BREAKING THE BOUNDARIES IN COMPUTER ARCHITECTURE
In the past decade, advances in non-volatile memory technologies significantly improve the capabilities of storage devices. However, modern computer architectures, including accelerator based, heterogeneous computers, still inherit the entrenched boundaries among components. These boundaries lead to inefficiencies for executing applications, especially when the computer needs to deal with a huge volume of data.
To allow computers to make efficient use of modern NVM-based storage/memory devices and lead to performance improvements, we should break the boundaries in computer architectures. I propose three directions: 1) redefining the roles of architectural components 2) revisiting the interfaces and 3) removing unnecessary layers and local optimizations. I will demonstrate that by redefining the role of modern non-volatile memory-based storage devices, we can improve the performance of applications by 1.39x. By revisiting the storage device interface, we can not only remove redundant layers in computer systems, but also achieve a speedup of 2.5x for key-value store.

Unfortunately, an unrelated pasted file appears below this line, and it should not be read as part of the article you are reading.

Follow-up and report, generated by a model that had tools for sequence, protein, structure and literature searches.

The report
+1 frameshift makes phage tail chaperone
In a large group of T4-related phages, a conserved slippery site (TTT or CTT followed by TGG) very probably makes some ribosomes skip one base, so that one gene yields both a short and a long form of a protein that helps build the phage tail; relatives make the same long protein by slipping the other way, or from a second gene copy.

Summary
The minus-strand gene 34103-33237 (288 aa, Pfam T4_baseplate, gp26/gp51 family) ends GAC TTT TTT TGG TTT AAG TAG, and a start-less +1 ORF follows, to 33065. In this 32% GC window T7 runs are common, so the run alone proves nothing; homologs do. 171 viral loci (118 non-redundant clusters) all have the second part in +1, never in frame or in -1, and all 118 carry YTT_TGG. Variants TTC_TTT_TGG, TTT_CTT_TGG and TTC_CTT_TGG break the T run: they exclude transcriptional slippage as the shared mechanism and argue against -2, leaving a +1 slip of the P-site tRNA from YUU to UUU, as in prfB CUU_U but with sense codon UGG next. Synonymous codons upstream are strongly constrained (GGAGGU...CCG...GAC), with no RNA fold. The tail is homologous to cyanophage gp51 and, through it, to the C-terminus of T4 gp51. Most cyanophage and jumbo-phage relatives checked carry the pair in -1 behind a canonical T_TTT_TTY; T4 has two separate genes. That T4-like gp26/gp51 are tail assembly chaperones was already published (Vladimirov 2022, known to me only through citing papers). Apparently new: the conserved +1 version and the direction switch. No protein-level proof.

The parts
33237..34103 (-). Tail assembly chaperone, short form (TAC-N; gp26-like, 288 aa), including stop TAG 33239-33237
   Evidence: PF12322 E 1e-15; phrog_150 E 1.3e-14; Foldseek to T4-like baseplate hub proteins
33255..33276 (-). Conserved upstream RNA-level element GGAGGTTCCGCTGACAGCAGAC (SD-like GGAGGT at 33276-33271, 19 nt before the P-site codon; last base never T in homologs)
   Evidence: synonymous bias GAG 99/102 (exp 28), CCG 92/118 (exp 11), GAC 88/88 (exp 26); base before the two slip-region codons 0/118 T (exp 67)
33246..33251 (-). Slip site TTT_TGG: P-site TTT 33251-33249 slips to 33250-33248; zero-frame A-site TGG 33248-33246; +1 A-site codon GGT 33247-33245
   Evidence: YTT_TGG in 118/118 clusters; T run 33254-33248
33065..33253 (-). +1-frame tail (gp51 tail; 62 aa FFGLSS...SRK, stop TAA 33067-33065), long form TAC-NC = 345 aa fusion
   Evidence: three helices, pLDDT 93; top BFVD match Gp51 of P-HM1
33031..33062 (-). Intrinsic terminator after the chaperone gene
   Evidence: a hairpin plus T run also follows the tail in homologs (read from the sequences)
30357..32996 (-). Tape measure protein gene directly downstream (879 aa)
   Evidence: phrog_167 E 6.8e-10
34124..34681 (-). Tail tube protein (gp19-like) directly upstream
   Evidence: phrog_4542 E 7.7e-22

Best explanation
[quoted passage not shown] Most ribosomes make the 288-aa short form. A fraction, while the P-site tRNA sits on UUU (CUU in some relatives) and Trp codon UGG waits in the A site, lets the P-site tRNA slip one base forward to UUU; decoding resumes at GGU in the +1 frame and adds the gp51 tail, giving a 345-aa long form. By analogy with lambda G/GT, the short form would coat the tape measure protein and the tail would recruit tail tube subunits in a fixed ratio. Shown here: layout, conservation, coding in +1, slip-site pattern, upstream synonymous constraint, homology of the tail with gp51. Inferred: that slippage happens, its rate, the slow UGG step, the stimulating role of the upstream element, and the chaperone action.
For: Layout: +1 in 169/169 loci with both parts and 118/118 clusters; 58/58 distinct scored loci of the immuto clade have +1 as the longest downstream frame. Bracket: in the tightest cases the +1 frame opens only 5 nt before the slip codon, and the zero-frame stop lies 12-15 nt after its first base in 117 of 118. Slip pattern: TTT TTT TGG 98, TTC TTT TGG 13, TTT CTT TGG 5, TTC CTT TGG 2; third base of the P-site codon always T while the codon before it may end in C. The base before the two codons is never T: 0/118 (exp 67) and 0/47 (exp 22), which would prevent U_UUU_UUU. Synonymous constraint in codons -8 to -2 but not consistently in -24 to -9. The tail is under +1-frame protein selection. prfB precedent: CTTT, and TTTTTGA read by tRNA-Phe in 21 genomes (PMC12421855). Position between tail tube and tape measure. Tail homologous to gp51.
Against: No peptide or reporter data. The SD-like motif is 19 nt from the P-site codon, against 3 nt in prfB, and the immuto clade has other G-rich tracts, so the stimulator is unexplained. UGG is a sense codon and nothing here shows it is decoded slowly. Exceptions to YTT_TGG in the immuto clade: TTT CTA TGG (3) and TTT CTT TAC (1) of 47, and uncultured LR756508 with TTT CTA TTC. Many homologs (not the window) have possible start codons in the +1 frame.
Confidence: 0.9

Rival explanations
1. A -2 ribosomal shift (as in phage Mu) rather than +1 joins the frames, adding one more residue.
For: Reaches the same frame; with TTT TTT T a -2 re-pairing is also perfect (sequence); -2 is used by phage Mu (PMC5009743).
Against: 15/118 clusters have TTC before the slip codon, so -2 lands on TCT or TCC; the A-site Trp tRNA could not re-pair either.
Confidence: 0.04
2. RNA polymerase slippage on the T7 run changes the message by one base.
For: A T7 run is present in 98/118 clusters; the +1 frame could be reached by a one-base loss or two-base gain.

In addition to storage systems, the same philosophy also applies to a wider range of computer systems and applications. I will also share my recent research in improving latencies for virtual reality